“My entire childhood coincided with the demise of Detroit. I grew up watching houses and buildings fall apart and then disappear.”
Writers have always been the voices of neighborhoods, the chroniclers of the people and events that go unnoticed and unreported.
Here’s Gwendolyn Brooks, on life in Bronzeville, in Chicago’s South Side: “We real cool. We/Left school. We/Lurk late. We/Strike straight. We/Sing sin. We/Thin gin. We/Jazz June. We/Die soon.”
And Charles D’Ambrosio, on Seattle: “It was one of those nights in Seattle when the wind downtown was strong enough to blow flowerpots off the decks of high rises and the traffic signals danced a crazed tarantella over the empty intersections.”
In the case of Detroit native Eugenides, what he wrote is truer now than ever: Detroit has more than 100,000 vacant properties scattered around the bankrupt city. Who is there to tell its story now?
Detroit journalist Sarah Cox believes in words, and the power of writers to make communities stronger and more vibrant. She founded Write A House to bring more writers into her city—while also preserving neighborhoods. Write A House buys foreclosed homes, fixes them up, and gives them away to writers—for free and forever, so long as they live in Detroit for at least three years.
“Detroit can be so misunderstood in the media,” she says. “But in reality, it’s a very inspiring place to be. We’re interested in seeing this community be documented better.”
Documenting Detroit is probably not going to save it. But Cox’s program is one small way in which the citizens of a broken city are working to bring new life back into its bones. Borne of desperation—and opportunity—Write A House brings together two of the elements that make any city great: Neighborhoods and culture.
Write A House chose a neighborhood “sometimes called NoHam ‘cause it’s north of Hamtramck, sometimes called SODA ‘cause it’s south of the Davidson Freeway, sometimes called Banglatown because it is home to a strong Bangladeshi community,” Cox says. It sits north of downtown, and though once a thriving independent city, it was subsumed into Detroit and has experienced the same blight and disinvestment as many other areas neighborhoods during the foreclosure crisis. Now it is diverse, has something of an artistic population, and is on the cusp financially—not so “far gone” as to be a risky investment, not so well stabilized that homes are too expensive.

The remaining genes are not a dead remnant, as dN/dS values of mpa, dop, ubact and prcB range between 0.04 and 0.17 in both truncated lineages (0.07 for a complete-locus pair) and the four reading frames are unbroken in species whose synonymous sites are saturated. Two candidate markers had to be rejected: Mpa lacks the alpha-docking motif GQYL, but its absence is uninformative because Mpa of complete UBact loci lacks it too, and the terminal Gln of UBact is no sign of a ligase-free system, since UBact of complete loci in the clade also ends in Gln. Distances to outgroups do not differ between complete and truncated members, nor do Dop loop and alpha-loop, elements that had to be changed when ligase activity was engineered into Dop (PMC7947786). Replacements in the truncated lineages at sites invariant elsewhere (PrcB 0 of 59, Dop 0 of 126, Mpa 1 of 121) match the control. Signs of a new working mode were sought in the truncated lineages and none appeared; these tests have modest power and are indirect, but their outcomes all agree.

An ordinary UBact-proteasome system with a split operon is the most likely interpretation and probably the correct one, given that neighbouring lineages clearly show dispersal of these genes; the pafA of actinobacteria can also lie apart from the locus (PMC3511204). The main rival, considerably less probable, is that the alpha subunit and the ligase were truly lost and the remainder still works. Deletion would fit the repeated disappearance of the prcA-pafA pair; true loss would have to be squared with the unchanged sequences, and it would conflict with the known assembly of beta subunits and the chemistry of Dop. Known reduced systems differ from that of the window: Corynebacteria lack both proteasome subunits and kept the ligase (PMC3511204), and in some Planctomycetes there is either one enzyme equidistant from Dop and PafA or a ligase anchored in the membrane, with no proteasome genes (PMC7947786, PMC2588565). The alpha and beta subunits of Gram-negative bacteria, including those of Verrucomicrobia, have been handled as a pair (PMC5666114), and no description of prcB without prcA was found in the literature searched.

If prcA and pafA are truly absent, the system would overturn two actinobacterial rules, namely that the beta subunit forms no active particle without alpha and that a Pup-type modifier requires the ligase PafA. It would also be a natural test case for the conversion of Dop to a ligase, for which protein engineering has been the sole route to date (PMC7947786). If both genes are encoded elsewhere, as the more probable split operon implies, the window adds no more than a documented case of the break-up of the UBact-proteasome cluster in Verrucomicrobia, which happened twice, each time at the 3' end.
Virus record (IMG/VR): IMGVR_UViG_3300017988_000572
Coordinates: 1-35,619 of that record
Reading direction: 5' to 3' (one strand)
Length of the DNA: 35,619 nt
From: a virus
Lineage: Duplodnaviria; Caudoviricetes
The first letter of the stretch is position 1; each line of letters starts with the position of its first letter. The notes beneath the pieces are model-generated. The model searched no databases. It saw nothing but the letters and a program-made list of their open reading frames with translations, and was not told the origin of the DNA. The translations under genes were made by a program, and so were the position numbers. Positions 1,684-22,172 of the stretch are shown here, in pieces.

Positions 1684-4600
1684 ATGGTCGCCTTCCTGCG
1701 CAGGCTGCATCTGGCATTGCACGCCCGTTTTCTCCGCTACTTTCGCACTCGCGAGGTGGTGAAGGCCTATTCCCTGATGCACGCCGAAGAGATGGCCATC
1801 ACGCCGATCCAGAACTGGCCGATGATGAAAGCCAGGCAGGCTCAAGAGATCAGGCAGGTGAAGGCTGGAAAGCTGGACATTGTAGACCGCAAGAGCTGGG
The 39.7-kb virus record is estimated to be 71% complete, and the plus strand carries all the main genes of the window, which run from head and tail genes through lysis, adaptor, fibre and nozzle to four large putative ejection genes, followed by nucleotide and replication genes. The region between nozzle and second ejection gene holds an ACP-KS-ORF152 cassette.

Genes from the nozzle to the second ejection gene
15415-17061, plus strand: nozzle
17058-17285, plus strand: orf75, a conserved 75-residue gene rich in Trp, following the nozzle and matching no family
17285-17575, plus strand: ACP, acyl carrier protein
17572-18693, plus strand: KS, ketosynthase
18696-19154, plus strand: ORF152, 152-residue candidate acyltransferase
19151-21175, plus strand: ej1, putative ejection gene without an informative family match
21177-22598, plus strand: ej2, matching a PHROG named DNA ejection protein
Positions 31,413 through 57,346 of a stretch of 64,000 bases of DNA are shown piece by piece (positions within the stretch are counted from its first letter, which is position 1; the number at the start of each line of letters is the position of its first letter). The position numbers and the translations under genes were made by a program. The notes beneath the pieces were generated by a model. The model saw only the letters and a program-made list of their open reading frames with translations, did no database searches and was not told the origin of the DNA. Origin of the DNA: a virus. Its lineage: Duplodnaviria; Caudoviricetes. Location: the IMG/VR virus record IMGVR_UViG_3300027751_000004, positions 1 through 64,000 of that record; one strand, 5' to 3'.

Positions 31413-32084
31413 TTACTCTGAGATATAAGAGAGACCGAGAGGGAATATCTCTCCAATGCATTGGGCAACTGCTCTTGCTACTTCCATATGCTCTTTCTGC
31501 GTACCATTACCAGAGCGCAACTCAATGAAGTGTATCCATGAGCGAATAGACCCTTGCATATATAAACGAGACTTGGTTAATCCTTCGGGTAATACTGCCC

Detroit journalist Sarah Cox believes in words, and the power of writers to make communities stronger and more vibrant. She founded Write A House to bring more writers into her city—while also preserving neighborhoods.
Write A House bought its first two homes at a foreclosure auction in 2012 for $1,000 each; a third house was purchased in 2014. They hired a local contractor who employs a mix of local subcontractors, and apprentices who have recently graduated from area trade schools but lack job experience. Cox says they have also partnered with Detroiters Working for Environmental Justice, which connects them with people interested in this kind of job training. Once they move in, writers are responsible for paying taxes, water, and electric for two years. In the third year, Write a House will transfer them the deed of the home. After that, if writers decide to move, they can sell the home, but must first offer Write a House the opportunity to buy it back.
When the first house was finished in 2014, hundreds of writers from around the country applied for the opportunity to move in, and nationally-known writers like Major Jackson and Matt Bell served on the selection committee. They chose 10 finalists based on “writing excellence,” says Cox. “But after that it gets a little trickier. It’s also about finding someone who is at the right time in their life and who has the level of commitment to Detroit and to the house.”
The first winner was Casey Rocheteau, a poet previously based in Brooklyn; renovations on a second house are nearly complete and the next winner—Los Angeles-based freelance journalist Liana Aghajanianwa —was just announced on October 2nd.